For the past few weeks I have been encouraging home gardeners to be deliberate with their gardening and landscaping activities this year. Like many others, I have spent these past few weeks thinking about what I will plant and grow in my own landscape this year.
Among the plants I will definitely grow are my favorite Mississippi Medallion winners.
I promote these plants in my garden for their performance. While there have been some who didn’t live up to the hype, these low performers are very rare and very far apart.
The 2020 quarantines and home use orders – and I hope we won’t see anything like this in 2021 – have sparked increased interest in domestic vegetable gardens. I called these home gardens “COVID Victory Gardens”. Growing some of your food is satisfying and comforting.
So first, I’ll share my favorite vegetables from the Mississippi medallion. Tomatoes come first as I get most of the questions about them.
Garden Gem tomatoes were selected as the 2020 winner and this variety has proven to be a high performing tomato. Garden Gems have a bushy, semi-determined growth habit that only grows up to 42 inches, which is perfect for my gardening preferences.
The fruits are about 2 cm in diameter and plentiful. I grew Garden Gems in both my spring and fall tomato seasons. I was impressed with the tolerance of the variety to our hot and humid environment, which ravages many other varieties of tomatoes.
Tumbling Tom tomatoes were selected in 2014. This is a smaller tomato plant that I have grown in hanging baskets for several years. The variety is available with both bright red and sunny yellow fruits. I like the compact, trailing growth habit and the fruit clusters that fall over the rim of the basket are very attractive.
I’ve written in the past about how I love growing heirloom tomatoes and learning the stories behind the plants. One of the first heirlooms I grew in my yard after moving to Mississippi was Cherokee Purple.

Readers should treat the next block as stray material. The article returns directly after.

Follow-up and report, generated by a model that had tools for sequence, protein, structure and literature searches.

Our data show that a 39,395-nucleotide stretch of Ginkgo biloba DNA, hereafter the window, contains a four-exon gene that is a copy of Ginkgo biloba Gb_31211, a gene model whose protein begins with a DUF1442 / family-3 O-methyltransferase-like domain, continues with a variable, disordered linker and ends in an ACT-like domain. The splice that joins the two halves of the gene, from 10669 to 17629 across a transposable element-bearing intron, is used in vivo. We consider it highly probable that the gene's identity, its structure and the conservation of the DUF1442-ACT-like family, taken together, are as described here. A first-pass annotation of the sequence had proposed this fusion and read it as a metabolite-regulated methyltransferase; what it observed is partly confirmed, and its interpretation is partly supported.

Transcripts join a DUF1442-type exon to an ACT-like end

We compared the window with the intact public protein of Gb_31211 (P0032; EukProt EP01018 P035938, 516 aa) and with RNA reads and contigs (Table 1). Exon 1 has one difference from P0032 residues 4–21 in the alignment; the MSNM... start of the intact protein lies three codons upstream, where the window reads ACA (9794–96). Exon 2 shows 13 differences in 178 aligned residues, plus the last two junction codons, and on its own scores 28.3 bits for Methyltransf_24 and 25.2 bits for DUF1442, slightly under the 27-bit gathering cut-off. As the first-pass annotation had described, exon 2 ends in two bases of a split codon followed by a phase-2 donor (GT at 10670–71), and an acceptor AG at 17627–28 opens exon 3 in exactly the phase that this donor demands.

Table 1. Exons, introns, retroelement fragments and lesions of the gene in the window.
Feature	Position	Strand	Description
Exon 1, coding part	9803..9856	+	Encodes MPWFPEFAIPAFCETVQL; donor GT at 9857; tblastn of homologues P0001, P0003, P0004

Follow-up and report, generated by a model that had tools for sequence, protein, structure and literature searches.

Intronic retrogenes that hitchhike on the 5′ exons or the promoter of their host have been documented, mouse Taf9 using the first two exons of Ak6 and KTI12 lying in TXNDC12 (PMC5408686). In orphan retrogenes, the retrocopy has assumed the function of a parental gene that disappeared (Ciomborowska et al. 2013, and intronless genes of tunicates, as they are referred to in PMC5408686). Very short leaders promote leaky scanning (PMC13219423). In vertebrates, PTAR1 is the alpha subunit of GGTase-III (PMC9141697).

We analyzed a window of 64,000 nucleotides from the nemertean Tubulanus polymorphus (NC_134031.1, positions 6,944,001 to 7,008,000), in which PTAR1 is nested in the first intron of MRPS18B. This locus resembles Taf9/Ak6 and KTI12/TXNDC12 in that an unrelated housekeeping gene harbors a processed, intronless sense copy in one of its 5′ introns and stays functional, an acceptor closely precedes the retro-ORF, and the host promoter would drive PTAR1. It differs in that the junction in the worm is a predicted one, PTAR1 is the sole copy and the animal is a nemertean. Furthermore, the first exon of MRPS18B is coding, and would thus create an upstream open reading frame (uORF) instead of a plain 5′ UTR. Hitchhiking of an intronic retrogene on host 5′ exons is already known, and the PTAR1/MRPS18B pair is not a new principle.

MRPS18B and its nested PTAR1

For the past twelve years, this has been a consistent and pleasant tomato that is purple in color and has a rich flavor. And, boy, does it have a fascinating story! It is said that the strain has been passed down for over 100 years and the seeds originally came from the Cherokee Indians.
The fruits are nice and big and perfect for a delicious “tomato mix”.
This plant needs to be trellised or caged as it is a vigorous, indeterminate grower. The fruits begin to ripen in the garden of my Ocean Springs in mid-June. Although this is late, your patience will be rewarded.
So let’s keep working on being intentional gardeners. There’s no better place to start than tomatoes. I’m going to start my tomato seeds next week and the good thing is you have plenty of time to get seeds to start your own plants as well.
Gary Bachman is Professor of Horticultural Extension and Research at Mississippi State University’s Coastal Research and Extension Center in Biloxi, hosting television and radio programs for Southern Gardening. Contact him at [email protected]